A series of budget amendments from a new School Board member would further hike a proposed wage increase for teachers and other employees of the Madison schools.
During an Operations Work Group meeting Monday, Madison School Board members weighed in on Cris Carusi’s plan to increase the base wage for district employees by the highest amount allowable under state law — 2.44% — in the 2019-20 school year.
District staff and some board members, though, expressed skepticism about whether cuts to administration and new “strategic equity investments” would be enough to help cover the salary increase. Carusi’s plan also assumes the state will come through with additional education funding.
“There isn’t fat left in these lines,” Kelly Ruppel, the district’s chief financial officer, said of the administration’s proposed budget.
That $462.2 million spending blueprint, released in April, includes only a 0.5% base wage increase for employees. When factoring in a salary schedule that accounts for experience and education, the district estimates an average salary increase of 2.5%.
Carusi, elected to the board in April with the teachers union’s backing, brought forward three amendments for discussion Monday that would provide the approximately $4.6 million needed to reach a 2.44% base wage increase.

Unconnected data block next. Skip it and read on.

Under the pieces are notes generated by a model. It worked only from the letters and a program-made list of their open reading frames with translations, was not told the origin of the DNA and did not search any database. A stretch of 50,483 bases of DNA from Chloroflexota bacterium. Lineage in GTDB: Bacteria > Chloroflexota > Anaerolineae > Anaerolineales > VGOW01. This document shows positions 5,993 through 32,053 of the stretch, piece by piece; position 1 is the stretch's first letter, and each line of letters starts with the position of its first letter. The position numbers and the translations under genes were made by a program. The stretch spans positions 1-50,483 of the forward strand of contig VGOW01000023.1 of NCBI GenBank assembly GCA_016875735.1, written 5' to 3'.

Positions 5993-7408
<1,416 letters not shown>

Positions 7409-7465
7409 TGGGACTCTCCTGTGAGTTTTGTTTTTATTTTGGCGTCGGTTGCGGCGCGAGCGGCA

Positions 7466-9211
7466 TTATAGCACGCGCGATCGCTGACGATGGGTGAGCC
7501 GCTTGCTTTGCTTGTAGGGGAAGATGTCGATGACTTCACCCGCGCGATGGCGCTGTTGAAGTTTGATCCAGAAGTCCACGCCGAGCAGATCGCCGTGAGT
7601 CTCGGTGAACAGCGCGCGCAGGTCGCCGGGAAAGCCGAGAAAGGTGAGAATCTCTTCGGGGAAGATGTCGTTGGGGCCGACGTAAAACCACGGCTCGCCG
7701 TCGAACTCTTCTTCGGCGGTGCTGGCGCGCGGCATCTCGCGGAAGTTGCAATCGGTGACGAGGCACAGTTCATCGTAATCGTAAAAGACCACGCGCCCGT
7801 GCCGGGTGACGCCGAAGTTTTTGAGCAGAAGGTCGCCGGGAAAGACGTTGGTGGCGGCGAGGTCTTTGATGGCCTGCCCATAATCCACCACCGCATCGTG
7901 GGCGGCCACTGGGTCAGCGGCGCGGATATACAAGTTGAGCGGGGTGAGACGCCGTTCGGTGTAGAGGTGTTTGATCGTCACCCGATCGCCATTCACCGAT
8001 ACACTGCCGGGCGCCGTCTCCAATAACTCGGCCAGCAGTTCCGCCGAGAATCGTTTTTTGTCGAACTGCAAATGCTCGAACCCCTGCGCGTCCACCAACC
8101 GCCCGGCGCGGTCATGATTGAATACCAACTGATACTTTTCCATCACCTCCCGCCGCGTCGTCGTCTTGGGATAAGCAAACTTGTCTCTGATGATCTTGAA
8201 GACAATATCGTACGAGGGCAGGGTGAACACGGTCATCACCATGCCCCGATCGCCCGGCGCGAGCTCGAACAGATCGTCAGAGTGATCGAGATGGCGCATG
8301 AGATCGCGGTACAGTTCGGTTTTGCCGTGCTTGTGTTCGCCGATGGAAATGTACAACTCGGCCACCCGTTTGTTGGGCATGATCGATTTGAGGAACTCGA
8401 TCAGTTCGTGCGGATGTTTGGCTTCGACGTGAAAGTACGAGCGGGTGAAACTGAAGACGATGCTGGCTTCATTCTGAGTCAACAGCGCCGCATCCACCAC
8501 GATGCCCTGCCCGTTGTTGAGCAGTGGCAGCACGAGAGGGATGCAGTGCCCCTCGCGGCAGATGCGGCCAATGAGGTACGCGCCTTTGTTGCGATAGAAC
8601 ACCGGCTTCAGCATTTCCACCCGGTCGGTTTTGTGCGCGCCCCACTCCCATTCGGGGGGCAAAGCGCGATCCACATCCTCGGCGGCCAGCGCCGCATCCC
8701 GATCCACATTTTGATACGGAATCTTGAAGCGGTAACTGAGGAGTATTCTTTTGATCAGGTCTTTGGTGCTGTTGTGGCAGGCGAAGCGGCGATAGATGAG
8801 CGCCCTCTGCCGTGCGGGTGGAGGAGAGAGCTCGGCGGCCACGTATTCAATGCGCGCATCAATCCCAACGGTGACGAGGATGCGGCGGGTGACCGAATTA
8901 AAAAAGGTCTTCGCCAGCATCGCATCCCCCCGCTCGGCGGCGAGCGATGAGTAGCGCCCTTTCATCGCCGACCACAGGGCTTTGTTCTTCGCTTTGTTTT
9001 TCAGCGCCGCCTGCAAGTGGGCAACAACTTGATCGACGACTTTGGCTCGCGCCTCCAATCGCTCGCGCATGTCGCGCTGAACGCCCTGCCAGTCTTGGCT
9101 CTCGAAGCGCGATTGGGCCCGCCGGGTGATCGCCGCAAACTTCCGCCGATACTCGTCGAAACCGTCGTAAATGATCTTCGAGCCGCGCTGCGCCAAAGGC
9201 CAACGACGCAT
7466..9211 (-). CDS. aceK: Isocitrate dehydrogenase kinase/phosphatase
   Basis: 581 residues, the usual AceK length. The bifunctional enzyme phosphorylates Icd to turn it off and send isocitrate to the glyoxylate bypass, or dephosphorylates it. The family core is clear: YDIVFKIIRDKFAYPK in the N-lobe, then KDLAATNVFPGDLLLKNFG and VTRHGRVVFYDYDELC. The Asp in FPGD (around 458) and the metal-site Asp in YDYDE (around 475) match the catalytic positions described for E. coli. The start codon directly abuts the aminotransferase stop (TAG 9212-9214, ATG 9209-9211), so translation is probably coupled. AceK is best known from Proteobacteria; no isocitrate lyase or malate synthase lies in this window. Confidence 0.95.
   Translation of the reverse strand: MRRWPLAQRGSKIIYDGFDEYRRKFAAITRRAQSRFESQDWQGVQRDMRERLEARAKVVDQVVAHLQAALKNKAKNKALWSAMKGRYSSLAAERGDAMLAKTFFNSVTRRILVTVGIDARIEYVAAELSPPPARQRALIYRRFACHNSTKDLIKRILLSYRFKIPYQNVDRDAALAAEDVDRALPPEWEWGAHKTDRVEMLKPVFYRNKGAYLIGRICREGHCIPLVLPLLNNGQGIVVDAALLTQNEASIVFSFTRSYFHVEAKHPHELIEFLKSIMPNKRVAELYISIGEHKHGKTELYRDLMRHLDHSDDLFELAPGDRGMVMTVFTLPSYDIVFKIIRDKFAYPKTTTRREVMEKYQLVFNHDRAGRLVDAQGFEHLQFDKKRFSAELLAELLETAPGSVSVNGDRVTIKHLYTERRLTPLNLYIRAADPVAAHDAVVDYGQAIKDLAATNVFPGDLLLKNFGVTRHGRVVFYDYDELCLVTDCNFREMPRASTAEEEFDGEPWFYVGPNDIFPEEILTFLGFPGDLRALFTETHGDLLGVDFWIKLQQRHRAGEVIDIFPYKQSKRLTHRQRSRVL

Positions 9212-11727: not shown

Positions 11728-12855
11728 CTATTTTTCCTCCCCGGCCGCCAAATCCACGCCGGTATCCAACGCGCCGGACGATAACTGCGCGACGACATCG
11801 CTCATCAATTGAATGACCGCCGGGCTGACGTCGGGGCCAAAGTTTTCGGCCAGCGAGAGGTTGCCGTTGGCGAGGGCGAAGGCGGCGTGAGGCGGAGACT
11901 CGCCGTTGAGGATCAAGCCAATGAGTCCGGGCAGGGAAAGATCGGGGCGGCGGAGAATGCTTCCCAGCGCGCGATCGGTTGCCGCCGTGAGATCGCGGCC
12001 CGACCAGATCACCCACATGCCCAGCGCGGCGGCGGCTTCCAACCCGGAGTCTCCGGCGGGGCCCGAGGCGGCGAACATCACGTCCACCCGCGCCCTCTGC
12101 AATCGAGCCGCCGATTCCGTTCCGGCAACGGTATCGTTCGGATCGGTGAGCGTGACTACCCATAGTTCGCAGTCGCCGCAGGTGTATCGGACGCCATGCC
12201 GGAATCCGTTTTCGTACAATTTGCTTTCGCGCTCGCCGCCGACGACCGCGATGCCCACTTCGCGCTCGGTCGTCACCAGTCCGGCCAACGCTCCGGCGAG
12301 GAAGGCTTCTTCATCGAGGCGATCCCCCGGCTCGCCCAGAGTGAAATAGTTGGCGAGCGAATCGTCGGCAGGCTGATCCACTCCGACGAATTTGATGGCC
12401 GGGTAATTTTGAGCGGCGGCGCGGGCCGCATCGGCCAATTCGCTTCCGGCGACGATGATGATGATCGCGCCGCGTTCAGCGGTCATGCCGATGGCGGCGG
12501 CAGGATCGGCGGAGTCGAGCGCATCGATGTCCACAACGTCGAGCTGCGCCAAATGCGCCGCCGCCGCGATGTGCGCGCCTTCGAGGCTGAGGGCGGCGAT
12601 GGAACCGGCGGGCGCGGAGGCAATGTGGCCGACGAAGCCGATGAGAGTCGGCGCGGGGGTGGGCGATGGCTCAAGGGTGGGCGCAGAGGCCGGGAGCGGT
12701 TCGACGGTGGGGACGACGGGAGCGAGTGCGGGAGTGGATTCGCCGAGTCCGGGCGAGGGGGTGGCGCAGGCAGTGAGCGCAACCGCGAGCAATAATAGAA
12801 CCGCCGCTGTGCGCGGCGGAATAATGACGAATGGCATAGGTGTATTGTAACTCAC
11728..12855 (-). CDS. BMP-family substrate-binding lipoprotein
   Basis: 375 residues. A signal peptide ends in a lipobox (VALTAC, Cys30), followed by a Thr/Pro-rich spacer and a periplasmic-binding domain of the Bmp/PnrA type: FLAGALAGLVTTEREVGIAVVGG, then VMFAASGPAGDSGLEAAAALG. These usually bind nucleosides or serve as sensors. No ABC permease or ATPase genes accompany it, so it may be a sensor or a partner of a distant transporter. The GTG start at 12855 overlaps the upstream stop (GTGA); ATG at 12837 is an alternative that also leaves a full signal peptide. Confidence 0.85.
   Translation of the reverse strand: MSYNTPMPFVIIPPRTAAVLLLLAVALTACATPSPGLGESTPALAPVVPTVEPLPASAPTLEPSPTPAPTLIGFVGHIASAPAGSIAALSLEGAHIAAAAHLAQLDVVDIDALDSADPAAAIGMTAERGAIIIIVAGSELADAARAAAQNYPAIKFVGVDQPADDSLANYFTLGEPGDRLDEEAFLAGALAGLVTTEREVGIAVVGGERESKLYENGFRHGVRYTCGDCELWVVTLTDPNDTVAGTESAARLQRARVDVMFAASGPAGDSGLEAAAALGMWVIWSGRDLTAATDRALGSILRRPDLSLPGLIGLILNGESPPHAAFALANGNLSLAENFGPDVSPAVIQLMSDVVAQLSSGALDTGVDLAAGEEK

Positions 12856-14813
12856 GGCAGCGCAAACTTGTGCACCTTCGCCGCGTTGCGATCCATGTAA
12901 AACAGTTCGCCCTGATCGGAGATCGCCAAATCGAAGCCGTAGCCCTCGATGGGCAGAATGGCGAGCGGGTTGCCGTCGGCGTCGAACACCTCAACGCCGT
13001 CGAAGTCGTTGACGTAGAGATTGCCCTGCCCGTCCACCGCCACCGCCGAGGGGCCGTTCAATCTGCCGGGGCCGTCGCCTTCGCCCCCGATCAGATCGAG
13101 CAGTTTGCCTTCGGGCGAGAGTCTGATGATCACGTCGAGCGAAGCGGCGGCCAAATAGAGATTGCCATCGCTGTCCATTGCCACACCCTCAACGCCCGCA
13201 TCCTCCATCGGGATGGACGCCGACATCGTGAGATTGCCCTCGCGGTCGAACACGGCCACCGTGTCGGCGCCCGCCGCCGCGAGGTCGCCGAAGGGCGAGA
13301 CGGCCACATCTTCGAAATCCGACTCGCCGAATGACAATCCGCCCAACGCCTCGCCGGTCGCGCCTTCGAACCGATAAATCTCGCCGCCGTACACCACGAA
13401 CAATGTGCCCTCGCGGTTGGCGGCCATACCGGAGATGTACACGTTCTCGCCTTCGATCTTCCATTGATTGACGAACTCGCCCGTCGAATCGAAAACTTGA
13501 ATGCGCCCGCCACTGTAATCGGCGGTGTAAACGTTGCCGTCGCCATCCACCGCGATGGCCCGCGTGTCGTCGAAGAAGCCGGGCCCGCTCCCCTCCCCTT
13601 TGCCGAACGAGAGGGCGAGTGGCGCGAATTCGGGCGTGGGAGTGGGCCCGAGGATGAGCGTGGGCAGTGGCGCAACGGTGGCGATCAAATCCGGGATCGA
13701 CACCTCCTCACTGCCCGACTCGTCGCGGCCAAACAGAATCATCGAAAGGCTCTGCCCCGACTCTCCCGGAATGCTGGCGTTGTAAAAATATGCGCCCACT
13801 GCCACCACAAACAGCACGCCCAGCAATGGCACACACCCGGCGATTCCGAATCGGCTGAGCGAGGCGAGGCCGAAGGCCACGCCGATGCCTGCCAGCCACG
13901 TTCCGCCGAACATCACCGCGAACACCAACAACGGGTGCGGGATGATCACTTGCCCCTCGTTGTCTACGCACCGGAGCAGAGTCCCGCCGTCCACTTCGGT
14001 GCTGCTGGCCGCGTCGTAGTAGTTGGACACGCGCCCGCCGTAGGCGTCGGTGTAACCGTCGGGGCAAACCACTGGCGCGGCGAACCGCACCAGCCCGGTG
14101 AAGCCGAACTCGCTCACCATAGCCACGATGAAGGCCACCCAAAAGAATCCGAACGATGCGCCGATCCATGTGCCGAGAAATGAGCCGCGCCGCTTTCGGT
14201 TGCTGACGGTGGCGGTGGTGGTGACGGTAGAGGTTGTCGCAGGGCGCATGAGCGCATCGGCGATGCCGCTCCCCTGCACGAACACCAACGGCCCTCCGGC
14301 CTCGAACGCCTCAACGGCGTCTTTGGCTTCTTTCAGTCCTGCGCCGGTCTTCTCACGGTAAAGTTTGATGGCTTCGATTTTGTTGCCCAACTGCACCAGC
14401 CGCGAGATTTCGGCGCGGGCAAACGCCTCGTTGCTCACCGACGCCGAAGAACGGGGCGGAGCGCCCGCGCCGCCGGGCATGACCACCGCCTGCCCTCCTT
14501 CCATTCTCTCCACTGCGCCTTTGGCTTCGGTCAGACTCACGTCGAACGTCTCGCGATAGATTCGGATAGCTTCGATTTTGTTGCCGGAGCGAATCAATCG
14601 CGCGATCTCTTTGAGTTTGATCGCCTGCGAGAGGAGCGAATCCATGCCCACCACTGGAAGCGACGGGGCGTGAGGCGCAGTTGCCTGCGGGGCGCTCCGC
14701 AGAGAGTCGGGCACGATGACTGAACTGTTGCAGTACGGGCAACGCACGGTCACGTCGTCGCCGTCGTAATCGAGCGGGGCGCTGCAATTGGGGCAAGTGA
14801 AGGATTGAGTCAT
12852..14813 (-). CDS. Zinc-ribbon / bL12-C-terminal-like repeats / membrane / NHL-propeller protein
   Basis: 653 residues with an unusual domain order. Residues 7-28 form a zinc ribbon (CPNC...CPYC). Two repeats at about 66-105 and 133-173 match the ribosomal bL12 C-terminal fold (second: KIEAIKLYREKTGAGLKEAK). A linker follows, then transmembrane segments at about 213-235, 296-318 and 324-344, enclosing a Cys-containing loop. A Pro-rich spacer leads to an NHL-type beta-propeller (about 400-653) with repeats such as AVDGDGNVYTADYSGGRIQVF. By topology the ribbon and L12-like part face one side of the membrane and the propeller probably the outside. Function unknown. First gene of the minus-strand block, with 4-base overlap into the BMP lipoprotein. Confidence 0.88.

Under Act 10, the 2011 law that curbed the power of public-sector unions, increases to base wages cannot exceed a cost-of-living figure determined by the state, or 2.44% this year.
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The Madison teachers union, Madison Teachers Inc., is demanding the full cost-of-living increase. According to the union, more than 1,000 district employees, or about one-quarter of all staff, are slated to only receive a base wage increase in 2019-20. Bargaining between the two sides is ongoing.
“We will continue to demand a 2.44% cost-of-living base-wage increase for all employees, regardless of the state budget decisions,” MTI said in its weekly newsletter Monday.
Carusi’s plan would cut $1.6 million from administration and “strategic equity investments,” including reducing conference travel expenses by $250,000 and leaving seven of nine vacant positions in administration unfilled for $600,000 in reductions.
The remaining $3 million would be contingent on a school’s spending package passed by the state Legislature’s budget-writing committee.
The package includes a per-pupil revenue limit increase and general fund savings associated with new special education money that together could provide enough revenue to cover the full 2.44% increase.
“It’s basically a statement of if we get this money, our top priority is our staff,” Carusi said.
Amendments to the district’s budget will be voted on during the board’s June 24 meeting, when it is scheduled to approve the preliminary budget for next school year.